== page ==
Korean tech giant Samsung isn't a stranger to lawsuits, with its most famous legal battle being that never-ending one against Apple. But now, Samsung is about to face another legal challenge, after soccer legend Pelé has filed a $30 million lawsuit over a lookalike featured in a New York Times newspaper ad. Pelé, whose actual birth name is Edson Arantes do Nascimento (Brazilian football players often shorten their full name), alleges that Samsung broke off negotiations with him for an advertising campaign and instead hired someone who "very closely" resembles his image, according to a complaint filed in a federal court in Chicago.
As Reuters reports, the lawsuit documents, filed by the firm which owns his trademark and publicity rights worldwide, called Pelé IP Ownership LLC, also point to Samsung's use of a photo portraying a "modified bicycle or scissors-kick, perfected and famously used by Pelé" in its advertisement. (Here's a picture, in case you've never seen Pelé's trademark move before.)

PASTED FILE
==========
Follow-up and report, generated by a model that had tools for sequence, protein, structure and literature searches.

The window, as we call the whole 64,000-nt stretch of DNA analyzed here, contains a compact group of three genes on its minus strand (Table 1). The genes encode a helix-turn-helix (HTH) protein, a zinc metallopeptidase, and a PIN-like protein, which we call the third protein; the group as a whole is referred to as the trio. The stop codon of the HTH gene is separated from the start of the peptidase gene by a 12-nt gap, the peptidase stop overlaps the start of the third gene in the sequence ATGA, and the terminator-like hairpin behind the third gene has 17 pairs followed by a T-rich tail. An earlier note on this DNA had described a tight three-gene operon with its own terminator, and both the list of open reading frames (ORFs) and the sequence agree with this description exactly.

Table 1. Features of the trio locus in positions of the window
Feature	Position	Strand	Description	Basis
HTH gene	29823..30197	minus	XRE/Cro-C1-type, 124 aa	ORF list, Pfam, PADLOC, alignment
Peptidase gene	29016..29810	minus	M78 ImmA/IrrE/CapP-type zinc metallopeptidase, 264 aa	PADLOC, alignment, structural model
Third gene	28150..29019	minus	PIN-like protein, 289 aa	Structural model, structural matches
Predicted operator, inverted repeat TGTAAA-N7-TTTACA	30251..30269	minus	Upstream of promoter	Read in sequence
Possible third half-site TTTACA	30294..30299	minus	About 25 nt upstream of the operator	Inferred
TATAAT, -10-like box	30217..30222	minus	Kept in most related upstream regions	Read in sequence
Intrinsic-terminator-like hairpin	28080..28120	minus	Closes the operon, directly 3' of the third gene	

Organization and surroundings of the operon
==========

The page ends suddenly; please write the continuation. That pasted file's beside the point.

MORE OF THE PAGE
We reached out to Samsung and a spokesperson said the company had no comment on the lawsuit.
Much like Pelé, other celebrities are keen to keep control of their image for marketing purposes. Lindsay Lohan (Freaky Friday, Mean Girls), for instance, is currently involved in a legal situation with Rockstar Games: She sued the developer over the likeness of a character in Grand Theft Auto V. Even though these two cases are different, this shows that these personalities aren't afraid to go to court when need be.